the Resistance and journalists who worked for the clandestine media
under the occupation. On one photograph of seven survivors, there are
two former journalists for Havas: Christian Ozanne, pictured in a
prisoner’s black-and-white stripes, and Maurice Negre who would go on to
become AFP director general three times between 1946 and 1954.
In
Dachau, Schwab photographs the number tattooed on the bone-thin arm of a
Jewish prisoner. Another shot shows a man in striped prison garb
talking to a woman described as a camp prostitute.
There is also
some hope amid the darkness, as with his image of a group of French
prisoners standing listening to the Marseillaise national anthem. Or
another of a priest celebrating mass for the camp’s dead.
After
the horror of Dachau, the two war correspondents witness the capture of
Itter Castle in Austria, used to incarcerate high-profile French
figures- from ministers and political leaders to generals and diplomats.
Among
them were two former prime ministers, Edouard Daladier who signed the
infamous Munich Agreement on France’s behalf in 1938, and Paul Reynaud,
as well as the generals Maurice Gamelin and Maxime Weygand, the former
tennis champion Jean Borotra and Marie-Agnes Cailliau, the sister of
General Charles de Gaulle.
US troops – fighting alongside small
contingent of anti-Nazi German soldiers – take the Tyrolian castle on
May 5, 1945, allowing Schwab to shoot a fine series of portraits of the
illustrious captives and their liberators.

A prisoner chatting with a prostitute at the Nazi camp of Dachau in May 1945. AFP Photo / Eric Schwab
A prisoner chatting with a prostitute at the Nazi camp of Dachau in May 1945. AFP Photo / Eric Schwab
The last stage of his journey takes him to the camp at
Terezin, known in German as Theresienstadt, in what is today the Czech
Republic. A few days from the end of the war, the region is in chaos as
vast numbers flee from advancing Soviet troops towards US-controlled
territory.
By this point most of the camps have been liberated.
Eric Schwab is still searching for his mother, Elsbeth. At the entrance
to Terezin, he leaves his travelling companions to head towards the
barracks. After some time he returns, with a small woman by his side.
Then
aged 56, Elsbeth has managed to escape death and has been looking after
child survivors at the camp. It was, of course, an intensely emotional
reunion. It would also appear that out of respect he refrained from
photographing his mother – or at least from publishing the images.
After
Terezin, Schwab and Levin part ways, according to Annette Wieviorka.
The first has reached the end of his journey, having miraculously found
his mother, alive. The second will pursue his investigation into the
annihilation of the Jewish people.
Photographic evidence of the
concentration camp horrors was widely disseminated as early as 1945, but
Eric Schwab’s work did not earn him the renown of some of the other
photographers who documented the camps’ liberation, such as Margaret
Bourke-White, Lee Miller or George Rodger.
As often happens with
news agency photos, his images were printed in the media but not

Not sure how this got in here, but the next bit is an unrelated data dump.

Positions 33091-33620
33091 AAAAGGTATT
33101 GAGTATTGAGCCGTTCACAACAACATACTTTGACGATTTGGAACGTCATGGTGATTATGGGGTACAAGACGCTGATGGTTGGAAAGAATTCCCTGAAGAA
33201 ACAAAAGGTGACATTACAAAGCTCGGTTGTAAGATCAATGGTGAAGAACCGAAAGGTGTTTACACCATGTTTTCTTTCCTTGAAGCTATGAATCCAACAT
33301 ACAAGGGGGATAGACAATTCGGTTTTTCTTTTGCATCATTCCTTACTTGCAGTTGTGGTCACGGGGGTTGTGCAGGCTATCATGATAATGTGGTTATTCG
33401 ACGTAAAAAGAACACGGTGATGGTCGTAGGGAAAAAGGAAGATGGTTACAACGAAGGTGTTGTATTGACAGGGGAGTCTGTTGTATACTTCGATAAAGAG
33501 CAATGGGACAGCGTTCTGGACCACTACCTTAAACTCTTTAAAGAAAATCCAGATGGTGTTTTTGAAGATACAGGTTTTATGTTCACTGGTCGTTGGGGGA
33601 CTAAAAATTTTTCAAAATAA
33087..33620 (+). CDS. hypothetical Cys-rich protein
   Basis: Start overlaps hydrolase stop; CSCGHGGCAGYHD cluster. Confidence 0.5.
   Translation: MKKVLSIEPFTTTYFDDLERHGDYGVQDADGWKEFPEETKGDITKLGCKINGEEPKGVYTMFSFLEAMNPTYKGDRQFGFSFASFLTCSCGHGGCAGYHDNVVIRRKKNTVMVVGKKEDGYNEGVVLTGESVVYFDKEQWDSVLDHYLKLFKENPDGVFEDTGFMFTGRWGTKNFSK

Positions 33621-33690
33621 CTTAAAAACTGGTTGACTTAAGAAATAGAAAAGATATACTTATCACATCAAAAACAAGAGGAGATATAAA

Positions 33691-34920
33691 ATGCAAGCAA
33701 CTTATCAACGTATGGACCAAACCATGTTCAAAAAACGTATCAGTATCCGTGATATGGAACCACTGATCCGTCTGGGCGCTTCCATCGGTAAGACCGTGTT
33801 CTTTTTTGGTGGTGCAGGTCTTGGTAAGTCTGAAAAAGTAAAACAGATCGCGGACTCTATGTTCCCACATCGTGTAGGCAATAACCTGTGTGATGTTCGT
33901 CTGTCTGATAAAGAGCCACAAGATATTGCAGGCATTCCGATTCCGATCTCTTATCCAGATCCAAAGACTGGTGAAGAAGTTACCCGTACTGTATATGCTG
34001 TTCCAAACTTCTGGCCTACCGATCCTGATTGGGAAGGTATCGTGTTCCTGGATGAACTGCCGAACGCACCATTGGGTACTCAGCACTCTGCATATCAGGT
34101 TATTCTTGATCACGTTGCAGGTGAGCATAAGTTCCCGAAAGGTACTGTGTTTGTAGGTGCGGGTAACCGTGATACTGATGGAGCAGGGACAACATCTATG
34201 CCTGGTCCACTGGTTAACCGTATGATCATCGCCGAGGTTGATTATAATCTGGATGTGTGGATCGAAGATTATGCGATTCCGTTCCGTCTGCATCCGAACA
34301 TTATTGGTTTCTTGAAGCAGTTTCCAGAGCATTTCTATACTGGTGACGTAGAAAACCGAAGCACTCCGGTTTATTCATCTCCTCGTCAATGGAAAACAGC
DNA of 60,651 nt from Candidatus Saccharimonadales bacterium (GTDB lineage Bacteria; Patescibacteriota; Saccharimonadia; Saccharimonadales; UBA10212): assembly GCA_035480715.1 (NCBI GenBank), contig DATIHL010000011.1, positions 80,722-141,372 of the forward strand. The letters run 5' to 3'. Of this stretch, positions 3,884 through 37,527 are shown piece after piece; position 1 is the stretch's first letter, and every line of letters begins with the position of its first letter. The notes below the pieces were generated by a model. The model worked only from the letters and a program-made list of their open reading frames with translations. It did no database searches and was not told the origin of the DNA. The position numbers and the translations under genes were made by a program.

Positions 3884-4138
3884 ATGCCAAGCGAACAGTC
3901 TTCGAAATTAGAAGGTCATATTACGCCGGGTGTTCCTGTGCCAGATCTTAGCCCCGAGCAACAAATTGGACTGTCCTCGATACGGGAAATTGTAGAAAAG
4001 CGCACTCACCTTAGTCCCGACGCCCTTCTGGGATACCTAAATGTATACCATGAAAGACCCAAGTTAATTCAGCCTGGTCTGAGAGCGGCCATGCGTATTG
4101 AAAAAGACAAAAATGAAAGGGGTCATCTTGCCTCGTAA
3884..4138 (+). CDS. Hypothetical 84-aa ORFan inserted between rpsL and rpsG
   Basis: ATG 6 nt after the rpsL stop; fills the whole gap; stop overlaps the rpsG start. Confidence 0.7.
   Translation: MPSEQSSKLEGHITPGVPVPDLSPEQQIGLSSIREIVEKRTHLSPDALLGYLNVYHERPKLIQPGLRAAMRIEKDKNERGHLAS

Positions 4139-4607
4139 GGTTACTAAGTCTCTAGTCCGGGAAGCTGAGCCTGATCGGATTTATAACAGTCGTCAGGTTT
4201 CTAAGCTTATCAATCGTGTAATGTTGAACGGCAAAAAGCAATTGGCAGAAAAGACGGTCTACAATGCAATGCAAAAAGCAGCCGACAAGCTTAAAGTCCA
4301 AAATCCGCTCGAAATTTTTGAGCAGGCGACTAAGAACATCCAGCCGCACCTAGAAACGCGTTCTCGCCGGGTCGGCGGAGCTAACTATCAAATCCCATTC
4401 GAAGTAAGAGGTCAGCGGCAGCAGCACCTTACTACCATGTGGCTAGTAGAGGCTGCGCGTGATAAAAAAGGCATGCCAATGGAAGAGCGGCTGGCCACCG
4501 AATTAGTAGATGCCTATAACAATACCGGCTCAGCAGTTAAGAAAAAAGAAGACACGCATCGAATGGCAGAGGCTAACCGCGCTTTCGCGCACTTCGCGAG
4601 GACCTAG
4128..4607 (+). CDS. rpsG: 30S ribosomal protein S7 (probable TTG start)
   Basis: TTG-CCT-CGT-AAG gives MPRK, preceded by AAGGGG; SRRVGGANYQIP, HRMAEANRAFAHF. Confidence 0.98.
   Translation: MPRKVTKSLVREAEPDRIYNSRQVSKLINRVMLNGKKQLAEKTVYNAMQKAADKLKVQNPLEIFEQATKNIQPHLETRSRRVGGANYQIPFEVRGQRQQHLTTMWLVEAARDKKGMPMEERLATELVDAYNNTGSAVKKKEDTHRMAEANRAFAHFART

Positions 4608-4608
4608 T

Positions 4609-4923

attributed to him by name. Few people remember his face. Annette
Wieviorka’s book includes one of his rare self-portraits, taken with a
Rolleiflex camera, in which he poses in a war correspondent’s uniform.
It
would take several years for his talent to be fully recognised,
particularly the powerful portraiture and composition found throughout
his now-iconic works.
For the historian of photography Clement
Cheroux, Schwab’s work stands apart in that, as a Jew himself, he was
documenting the suffering of his own people. “As the son of a deportee,
he was clearly seeing his own mother’s ordeal as he photographed these
survivors,” he writes in his book “Memory of the camps”, about the work
of Schwab and fellow photographers of that black chapter.
It was
Meyer Levin’s son, Mikael, who pieced together the story of the two
men’s journey in a book entitled “War Story”, enabling the
identification of Schwab’s pictures within AFP’s image fund.
“Mikael
was the conduit for his father’s work, but also for Schwab’s,” says
Annette Wierviorka. A large part of his work is now collected in the
French national library. Schwab’s work was the subject of an exhibit
organised jointly in 2004 by AFP, the French national archives and the
Resistance Museum of Champigny-sur-Marne.
After the war, Eric
Schwab and his mother leave France, settling in New York in 1946. For a
few years he continues to work for AFP – on far lighter subjects. A
passionate jazz fan, he shoots the streets of Broadway, the jazz clubs
of Harlem, people swimming off Coney Island. AFP still has in its
archives a few shots of Nat King Cole, which he took at a concert at the
Apollo Theater in Harlem in 1950.
Eric Schwab leaves AFP in the
early 1950s. He goes on to work for various UN bodies in New York and
Geneva including the World Health Organisation. He continues to travel
widely and takes a particular interest in the refugee question. A
picture he took of a family of refugees from India’s Punjab in 1951 is
included in the legendary 1962 photo exhibition in New York entitled
“The Family of Man.”
Eric Schwab dies in 1977 at the age of 67,
leaving no known account of the discovery of the camps, nor his reunion
with his mother.